Elaine Zakreski, a Canadian retired educator, is stepping up efforts to transform lives of people in Traditional Authority Malemia in Zomba. Elaine is tackling poverty by providing interest-free loans to poor or HIV infected families, stationery materials to some early childhood development (ECD) centres and primary school children. She has also helped with funds to build a clinic in the area. Our reporter, WATIPASO MZUNGU JNR, talks to her.
Who is Elaine Zakreski?
I am a retired early childhood educator. I used to teach children of between three and five years old. I then became a consultant working with teachers and parents. Educating young children is most important as it lays the foundation for all future learning. From the time I was a child, being a teacher was my goal and found it to be the most rewarding career.
Briefly, can you tell me about your family?
I’ve been married for 52 years to Peter. Together, we have four children and seven grandchildren. Three of the grandchildren are in universities while the rest are in elementary and high school.
How did you come to know about the people of Malemia?
In 2006, we visited five African countries: Kenya, Uganda, Tanzania, Zimbabwe and South Africa. This visit was very rewarding as it was my privilege to witness the beauty of God’s creation. I was very moved to see thousands of orphans and prayed to God as to what I could do as one person. During our flight from Nairobi to London, I met Jean Kalinga. We became the answer to each others’ prayers.
Who is Jean Kalinga?
Jean Kalinga is running Mtogolo Community-Based Organisation (CBO) in her village located in the Domasi, Zomba. Through correspondence, we were determined to assist Jean and the villagers from her area. Funds were provided for the construction of a medical clinic with much labour and brick moulding provided by the villagers.
How often do you visit the area?
Since our first visit five years ago, we come every year. In our second visit, we requested the chiefs to identify their priorities.
Their response was fresh water. The next priority identified was foot-bridges and the third area was schools for children aged two to six. This was in recognition of the importance of these early years for learning called early childhood development.
What is the objective of your organisation Hope For Malawi Foundation Inc?
Our objective is to assist villages to become self-sustaining communities. Through a partnership with Mtogolo CBO, leaders and villagers assist each other to become a vibrant community. With the help of many donors and friends in North America, we provide financial resources to make their dreams come true. This is necessary as it is their children and their children’s future that they work for.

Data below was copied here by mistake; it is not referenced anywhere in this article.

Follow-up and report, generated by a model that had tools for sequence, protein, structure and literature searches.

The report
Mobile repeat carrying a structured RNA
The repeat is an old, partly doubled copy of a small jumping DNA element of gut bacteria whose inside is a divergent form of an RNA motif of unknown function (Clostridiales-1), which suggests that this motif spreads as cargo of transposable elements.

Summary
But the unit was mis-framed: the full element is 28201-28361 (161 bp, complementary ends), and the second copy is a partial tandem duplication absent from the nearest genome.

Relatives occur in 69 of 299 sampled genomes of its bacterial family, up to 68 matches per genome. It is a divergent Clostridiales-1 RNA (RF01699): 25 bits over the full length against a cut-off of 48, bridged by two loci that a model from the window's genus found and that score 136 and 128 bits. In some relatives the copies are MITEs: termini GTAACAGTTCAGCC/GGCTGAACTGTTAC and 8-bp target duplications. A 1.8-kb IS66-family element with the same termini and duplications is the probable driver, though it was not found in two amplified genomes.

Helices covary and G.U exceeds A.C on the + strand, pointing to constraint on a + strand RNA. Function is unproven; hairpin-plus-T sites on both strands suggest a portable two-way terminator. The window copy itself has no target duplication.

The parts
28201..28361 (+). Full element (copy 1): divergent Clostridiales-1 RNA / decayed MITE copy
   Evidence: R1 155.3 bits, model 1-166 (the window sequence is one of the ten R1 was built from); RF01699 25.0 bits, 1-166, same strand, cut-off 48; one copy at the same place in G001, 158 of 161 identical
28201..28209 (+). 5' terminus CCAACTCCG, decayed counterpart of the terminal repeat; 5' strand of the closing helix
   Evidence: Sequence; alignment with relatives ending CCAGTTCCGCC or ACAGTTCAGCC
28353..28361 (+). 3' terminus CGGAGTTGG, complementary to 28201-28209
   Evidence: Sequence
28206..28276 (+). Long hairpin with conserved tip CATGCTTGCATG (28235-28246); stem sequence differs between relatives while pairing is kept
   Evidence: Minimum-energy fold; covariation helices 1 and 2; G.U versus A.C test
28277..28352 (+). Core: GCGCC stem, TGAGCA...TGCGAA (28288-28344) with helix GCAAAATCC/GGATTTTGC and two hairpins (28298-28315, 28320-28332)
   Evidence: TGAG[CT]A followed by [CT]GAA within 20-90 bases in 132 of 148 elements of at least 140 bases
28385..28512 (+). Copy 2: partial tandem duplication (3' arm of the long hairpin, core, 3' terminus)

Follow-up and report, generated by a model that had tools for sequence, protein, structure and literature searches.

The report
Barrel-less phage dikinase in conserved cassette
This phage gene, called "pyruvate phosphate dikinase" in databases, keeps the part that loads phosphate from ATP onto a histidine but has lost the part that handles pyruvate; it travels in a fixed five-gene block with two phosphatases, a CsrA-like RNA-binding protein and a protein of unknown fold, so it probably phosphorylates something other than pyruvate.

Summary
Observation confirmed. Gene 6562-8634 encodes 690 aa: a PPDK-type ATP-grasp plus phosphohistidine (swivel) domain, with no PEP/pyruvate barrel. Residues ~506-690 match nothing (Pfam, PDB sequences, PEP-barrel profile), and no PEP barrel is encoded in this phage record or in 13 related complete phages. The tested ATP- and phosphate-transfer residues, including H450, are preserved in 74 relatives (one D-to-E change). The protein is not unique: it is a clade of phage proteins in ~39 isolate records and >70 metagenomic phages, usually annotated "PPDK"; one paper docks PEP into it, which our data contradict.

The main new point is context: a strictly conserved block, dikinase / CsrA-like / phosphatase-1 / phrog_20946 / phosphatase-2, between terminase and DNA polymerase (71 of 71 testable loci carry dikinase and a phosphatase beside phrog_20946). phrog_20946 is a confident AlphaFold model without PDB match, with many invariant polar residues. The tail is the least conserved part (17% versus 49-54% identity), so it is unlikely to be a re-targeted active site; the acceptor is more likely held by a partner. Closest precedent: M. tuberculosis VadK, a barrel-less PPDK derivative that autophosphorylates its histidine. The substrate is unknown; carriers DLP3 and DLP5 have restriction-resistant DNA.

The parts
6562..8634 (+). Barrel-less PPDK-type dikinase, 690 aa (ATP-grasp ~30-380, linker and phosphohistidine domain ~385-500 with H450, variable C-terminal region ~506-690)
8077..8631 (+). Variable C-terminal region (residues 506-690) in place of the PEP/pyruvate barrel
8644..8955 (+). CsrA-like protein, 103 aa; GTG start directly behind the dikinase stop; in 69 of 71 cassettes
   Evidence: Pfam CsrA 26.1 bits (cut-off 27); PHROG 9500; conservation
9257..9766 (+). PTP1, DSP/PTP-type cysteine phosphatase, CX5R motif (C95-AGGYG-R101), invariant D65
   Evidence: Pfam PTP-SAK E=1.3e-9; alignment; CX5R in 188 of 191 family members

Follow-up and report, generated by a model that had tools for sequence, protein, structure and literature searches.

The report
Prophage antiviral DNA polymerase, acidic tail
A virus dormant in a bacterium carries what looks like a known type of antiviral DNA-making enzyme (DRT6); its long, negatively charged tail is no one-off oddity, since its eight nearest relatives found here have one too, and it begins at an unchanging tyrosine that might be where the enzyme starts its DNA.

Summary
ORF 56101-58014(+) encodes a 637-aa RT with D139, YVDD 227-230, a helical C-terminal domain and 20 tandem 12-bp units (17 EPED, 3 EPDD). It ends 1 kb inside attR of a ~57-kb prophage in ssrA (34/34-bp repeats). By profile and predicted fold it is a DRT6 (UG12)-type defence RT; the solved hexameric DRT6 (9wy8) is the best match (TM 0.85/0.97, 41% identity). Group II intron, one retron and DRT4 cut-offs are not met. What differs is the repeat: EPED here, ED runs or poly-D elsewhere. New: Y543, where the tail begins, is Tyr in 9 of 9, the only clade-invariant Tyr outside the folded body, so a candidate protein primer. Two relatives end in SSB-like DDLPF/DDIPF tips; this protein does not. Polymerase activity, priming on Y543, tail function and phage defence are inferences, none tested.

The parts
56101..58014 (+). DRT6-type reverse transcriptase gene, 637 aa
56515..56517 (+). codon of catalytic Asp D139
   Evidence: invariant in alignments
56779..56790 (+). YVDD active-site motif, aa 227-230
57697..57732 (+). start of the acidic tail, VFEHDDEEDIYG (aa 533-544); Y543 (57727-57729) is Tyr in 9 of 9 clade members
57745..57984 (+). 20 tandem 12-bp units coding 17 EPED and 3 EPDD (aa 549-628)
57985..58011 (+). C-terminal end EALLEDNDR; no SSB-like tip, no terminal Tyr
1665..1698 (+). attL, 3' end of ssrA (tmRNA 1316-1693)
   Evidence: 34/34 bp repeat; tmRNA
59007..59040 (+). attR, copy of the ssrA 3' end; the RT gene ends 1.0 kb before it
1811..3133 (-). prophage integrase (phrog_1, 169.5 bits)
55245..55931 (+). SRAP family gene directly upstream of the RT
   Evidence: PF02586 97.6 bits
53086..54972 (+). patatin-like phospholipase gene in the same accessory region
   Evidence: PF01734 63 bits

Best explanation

As an example of this partnership, for the construction of the school, the chief donated the land and the villagers made 84 000 bricks. Hope For Malawi Foundation Inc provided the financial resources to cover costs of cement, trusses, iron sheet roofs, windows, doors and met other construction costs.
How many people are benefitting from your projects?
Through a survey by the chiefs, we estimate there are 25 000 villagers within this area. They are divided into five zones with each zone having their own leadership to further their quest to become a self-sustaining community.
How do you source funding for these projects?
Initially, funds were provided from personal donations by my husband and I through the Rotary Club of Saskatoon. Several years ago, we were able to broaden our base of donors with the help of many friends and through the above foundation, which can issue tax receipts to donors.
We are very proud that every dollar that has been donated goes directly to the grassroots level in Mtogolo CBO. The foundation incurs no administrative, marketing or public relation expenses. Any costs to provide these administrative services are borne by my husband and I.
What measures have you put in place to ensure sustainability of the projects?
As Hope For Malawi Foundation Inc., we don’t identify needs for the people; rather people are identifying the needs themselves. This means people are owners of the projects being implemented in the area. It is very easy, therefore, for the villagers to sustain them projects for own their benefit.
Which recreational places do you like to visit in Malawi?
I like visiting Lake Malawi in Mangochi and Mulanje Mountain. The scenery is beautiful and relaxing.